Maricopa County leadership is claiming another win in its fight against a lawsuit filed by County Attorney Andrew Thomas. According to the Board of Supervisors, Thomas is no longer asking the courts for an injunction to stop the county immediately from setting up its own civil lawsuit department, which the county has pretty much finished doing by now, anyway.
It's telling that since Thomas' offer to let mediators settle the dispute, no mediation has happened. Instead, Thomas' case seems to be slipping.
You can read the entire statement from the county below:
THOMAS DROPS KEY CLAIM IN LAWSUIT AGAINST BOARD OF SUPERVISORS
This morning the hired lawyer for County Attorney Andrew Thomas told a superior court judge that Thomas wished to withdraw his application for a preliminary injunction that Thomas sought when he filed his lawsuit against the Board last December. The long-awaited hearing on Thomas' application previously had been scheduled for May 4, but at Thomas' request was postponed to Thursday, May 14. That hearing has now been cancelled.
Thomas' withdrawal clears the way for the Board to continue its expansion of its in-house litigation department, which last week hired a twenty-two-year veteran of the Maricopa County Attorneys' Office, Mary Cronin. District 5 Supervisor Mary Rose Wilcox stated, "This is a relief for our budget planning process. We can now proceed with our civil litigation department and include it in our 2009-2010 budget, which should lead to hundreds of thousands of dollars in savings for the County."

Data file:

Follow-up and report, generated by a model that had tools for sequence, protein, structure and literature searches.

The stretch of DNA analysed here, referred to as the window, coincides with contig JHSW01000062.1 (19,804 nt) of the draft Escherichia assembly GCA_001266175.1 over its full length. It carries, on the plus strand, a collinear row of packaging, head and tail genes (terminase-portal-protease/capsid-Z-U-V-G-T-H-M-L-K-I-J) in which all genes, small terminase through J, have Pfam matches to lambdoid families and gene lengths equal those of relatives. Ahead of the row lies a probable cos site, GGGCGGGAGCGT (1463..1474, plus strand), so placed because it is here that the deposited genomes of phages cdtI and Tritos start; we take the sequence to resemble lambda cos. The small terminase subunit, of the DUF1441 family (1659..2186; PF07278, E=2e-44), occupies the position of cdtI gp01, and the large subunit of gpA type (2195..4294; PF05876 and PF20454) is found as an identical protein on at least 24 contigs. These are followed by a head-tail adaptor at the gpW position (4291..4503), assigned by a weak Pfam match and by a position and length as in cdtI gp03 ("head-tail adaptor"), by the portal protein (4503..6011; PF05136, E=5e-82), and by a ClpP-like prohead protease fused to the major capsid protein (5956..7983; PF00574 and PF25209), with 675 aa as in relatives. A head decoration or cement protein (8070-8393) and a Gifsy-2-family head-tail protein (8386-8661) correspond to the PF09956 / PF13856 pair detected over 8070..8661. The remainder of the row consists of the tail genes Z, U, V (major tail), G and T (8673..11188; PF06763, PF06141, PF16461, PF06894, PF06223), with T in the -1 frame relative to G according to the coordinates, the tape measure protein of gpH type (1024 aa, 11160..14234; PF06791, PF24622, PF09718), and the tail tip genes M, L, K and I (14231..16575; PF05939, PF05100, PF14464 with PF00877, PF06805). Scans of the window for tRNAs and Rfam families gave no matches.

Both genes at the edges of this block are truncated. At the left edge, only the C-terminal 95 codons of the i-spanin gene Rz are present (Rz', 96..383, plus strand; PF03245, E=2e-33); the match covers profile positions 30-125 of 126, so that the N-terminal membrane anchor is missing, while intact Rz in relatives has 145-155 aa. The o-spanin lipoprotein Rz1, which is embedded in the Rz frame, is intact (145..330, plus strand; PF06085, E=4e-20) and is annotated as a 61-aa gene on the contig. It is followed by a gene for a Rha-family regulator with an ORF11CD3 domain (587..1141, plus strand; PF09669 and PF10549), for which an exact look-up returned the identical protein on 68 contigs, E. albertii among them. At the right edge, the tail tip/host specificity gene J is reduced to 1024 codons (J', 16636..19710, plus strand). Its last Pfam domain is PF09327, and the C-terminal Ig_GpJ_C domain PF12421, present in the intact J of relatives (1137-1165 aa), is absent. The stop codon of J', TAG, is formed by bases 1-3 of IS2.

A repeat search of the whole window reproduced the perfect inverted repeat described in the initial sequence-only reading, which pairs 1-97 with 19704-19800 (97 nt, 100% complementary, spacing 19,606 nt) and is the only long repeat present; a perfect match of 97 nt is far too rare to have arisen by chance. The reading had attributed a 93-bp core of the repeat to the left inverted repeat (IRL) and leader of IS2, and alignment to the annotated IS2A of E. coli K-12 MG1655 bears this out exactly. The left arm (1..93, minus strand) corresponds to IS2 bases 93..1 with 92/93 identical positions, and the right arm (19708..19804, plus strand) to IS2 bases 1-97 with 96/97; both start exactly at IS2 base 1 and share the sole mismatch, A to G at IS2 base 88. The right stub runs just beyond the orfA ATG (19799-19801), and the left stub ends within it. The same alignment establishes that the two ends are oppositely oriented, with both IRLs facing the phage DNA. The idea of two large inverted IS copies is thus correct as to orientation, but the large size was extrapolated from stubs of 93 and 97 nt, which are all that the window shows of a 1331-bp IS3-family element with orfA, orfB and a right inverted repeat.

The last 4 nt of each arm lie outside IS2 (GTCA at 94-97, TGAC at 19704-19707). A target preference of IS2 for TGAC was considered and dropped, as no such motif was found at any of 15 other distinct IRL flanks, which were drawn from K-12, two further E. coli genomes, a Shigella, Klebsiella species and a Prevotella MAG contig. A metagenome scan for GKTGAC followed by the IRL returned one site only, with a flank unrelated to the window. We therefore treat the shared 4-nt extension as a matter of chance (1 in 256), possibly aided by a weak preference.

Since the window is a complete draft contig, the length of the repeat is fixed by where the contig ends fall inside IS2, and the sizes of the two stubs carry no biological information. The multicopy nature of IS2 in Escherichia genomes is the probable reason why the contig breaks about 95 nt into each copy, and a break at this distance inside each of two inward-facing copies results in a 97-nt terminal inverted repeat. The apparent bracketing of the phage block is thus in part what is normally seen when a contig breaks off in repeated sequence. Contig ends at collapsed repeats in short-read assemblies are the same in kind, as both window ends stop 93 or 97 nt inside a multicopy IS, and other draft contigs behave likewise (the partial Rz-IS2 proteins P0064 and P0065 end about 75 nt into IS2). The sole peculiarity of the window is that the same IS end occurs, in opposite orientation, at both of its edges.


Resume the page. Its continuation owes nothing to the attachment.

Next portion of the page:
This is the second setback for Thomas in his lawsuit challenging the Board's December 2008 actions. Those actions resulted in an investigation of Thomas' conflict of interests and the creation of the County's new Office of General Litigation Services. In January 2009, the court denied Thomas' request for a temporary restraining order, which sought to reverse the Board's actions.
Now, in order to prevent suffering another defeat, Thomas has instructed his lawyers to drop his request for an injunction. Thomas did so after weeks of time-consuming and expensive discovery in preparation for the hearing, and just three days before the hearing was to commence.
"It's a shame that we've had to spend so much time and money on this case, including depositions of all of the Board members," said Supervisor Wilcox. "Hopefully this is a sign that our County Attorney plans to actually meet with the Board, which is his client, and we can try to get this case resolved."
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